Last year, various temporary measures were introduced (both at a Federal and State / Territory level) in response to the COVID-19 pandemic to allow electronic execution in certain circumstances. Prior to these measures electronic execution, including eSignatures and video-witnessing, of certain documents was problematic in Australia, particularly in relation to execution by corporations.

On 21 March 2021, the changes introduced by the Commonwealth temporarily permitting electronic and split executions under section 127 of the Corporations Act 2001 (Cth) expired. For further detail regarding what that expiration means you can read our article: Relief measures permitting electronic & split executions under s 127 Corporations Act due to expire.

Despite the expiration of the Commonwealth changes and no clear indication that they will be extended, some States still have in place their own measures (which does make things somewhat confusing!). Importantly, just last week Queensland passed a bill to extend special measures permitting electronic signing of deeds and statutory declarations and remote witnessing of documents until 30 September 2021. Prior to the introduction of these measures, late last year, the New South Wales special measures allowing for the remote witnessing of certain documents such as affidavits, deeds and statutory declarations were extended until 31 December 2021. Meanwhile, Victoria has permanently allowed the witnessing of documents via audio visual link, and electronic signatures for the execution of transactions, deeds, mortgages and statutory declarations governed by Victorian law. The relevant law came into effect in Victoria on 26 April 2021.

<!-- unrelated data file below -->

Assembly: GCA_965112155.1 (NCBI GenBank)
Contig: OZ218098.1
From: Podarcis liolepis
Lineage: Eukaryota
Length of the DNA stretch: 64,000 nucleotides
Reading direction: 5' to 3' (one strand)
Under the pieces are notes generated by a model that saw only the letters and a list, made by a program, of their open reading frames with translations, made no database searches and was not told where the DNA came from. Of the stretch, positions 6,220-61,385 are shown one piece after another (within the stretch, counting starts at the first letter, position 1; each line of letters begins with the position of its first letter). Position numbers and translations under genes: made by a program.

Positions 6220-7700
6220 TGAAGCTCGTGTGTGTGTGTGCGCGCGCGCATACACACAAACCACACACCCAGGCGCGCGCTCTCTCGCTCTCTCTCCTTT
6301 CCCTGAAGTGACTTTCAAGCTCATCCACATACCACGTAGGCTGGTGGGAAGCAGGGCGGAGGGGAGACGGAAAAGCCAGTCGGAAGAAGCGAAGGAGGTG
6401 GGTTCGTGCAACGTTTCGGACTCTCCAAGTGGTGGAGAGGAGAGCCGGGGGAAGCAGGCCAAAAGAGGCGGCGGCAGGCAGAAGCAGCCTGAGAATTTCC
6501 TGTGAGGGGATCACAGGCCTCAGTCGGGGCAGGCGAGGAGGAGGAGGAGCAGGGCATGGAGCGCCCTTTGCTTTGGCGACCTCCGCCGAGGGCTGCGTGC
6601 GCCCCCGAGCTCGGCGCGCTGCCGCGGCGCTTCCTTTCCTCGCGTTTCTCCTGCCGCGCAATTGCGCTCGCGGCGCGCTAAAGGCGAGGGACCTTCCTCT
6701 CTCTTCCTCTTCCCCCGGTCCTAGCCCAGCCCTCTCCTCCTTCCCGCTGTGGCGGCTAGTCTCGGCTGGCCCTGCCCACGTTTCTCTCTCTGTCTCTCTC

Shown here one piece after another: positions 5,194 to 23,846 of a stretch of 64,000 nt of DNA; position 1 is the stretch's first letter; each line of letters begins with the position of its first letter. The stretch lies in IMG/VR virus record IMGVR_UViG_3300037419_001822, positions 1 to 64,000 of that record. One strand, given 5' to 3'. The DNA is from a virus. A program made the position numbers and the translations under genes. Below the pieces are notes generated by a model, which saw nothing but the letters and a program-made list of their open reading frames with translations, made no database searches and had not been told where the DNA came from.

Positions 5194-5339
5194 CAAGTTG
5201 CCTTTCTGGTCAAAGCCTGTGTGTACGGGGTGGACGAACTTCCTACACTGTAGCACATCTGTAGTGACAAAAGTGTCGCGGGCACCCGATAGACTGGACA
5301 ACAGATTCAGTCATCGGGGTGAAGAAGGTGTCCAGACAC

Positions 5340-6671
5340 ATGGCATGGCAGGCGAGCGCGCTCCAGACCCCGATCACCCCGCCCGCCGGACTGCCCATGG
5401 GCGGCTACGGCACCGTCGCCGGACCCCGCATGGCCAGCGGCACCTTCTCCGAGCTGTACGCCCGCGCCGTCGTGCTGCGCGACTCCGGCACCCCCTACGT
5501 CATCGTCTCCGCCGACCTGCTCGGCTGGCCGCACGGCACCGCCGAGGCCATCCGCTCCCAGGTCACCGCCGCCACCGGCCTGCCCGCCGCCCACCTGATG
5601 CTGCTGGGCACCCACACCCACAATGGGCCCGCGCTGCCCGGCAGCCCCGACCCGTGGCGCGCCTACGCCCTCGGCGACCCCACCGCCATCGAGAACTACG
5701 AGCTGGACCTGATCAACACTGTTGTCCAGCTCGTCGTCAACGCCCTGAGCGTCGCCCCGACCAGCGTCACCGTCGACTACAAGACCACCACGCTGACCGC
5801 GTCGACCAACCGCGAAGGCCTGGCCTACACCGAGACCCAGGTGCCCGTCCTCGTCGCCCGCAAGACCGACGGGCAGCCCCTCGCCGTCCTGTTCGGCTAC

Even with the above state-based measures in place, it is not easy to assess the requirements when executing under section 127 of the Corporations Act 2001 (Cth). As a quick reminder, s127 allows the parties to rely on the execution without having to make any further enquiry. I.e. by signing with two directors or a director + secretary (or the sole director in a sole director company) the parties can assume the document has been validly executed and is binding. To attract this protection a ‘wet ink signature’ (i.e. signing with a pen rather than electronically) must be used.

In summary: 

  • You can execute various documents in an electronic way as specifically permitted under current state-base measures; 
  • To execute a document with the s127 protection, you must sign using wet ink and not electronically. 

Overall, the array of disparate state-based measures and the failure of the Commonwealth Government to provide clarity through its own measures creates a rather murky environment when it comes to electronic execution. We haven’t even tried to cover split executions and how the requirements for signing a deed versus an agreement may differ. There are just too many variables and permutations, and the laws could change at any time. 

Organisations should continue to monitor electronic execution measures closely to ensure valid execution occurs, particularly for those seeking to rely on the changes to continue operations during snap lock downs, or otherwise wanting to take advantage of the ability to sign documents without everyone physically present in the same room.

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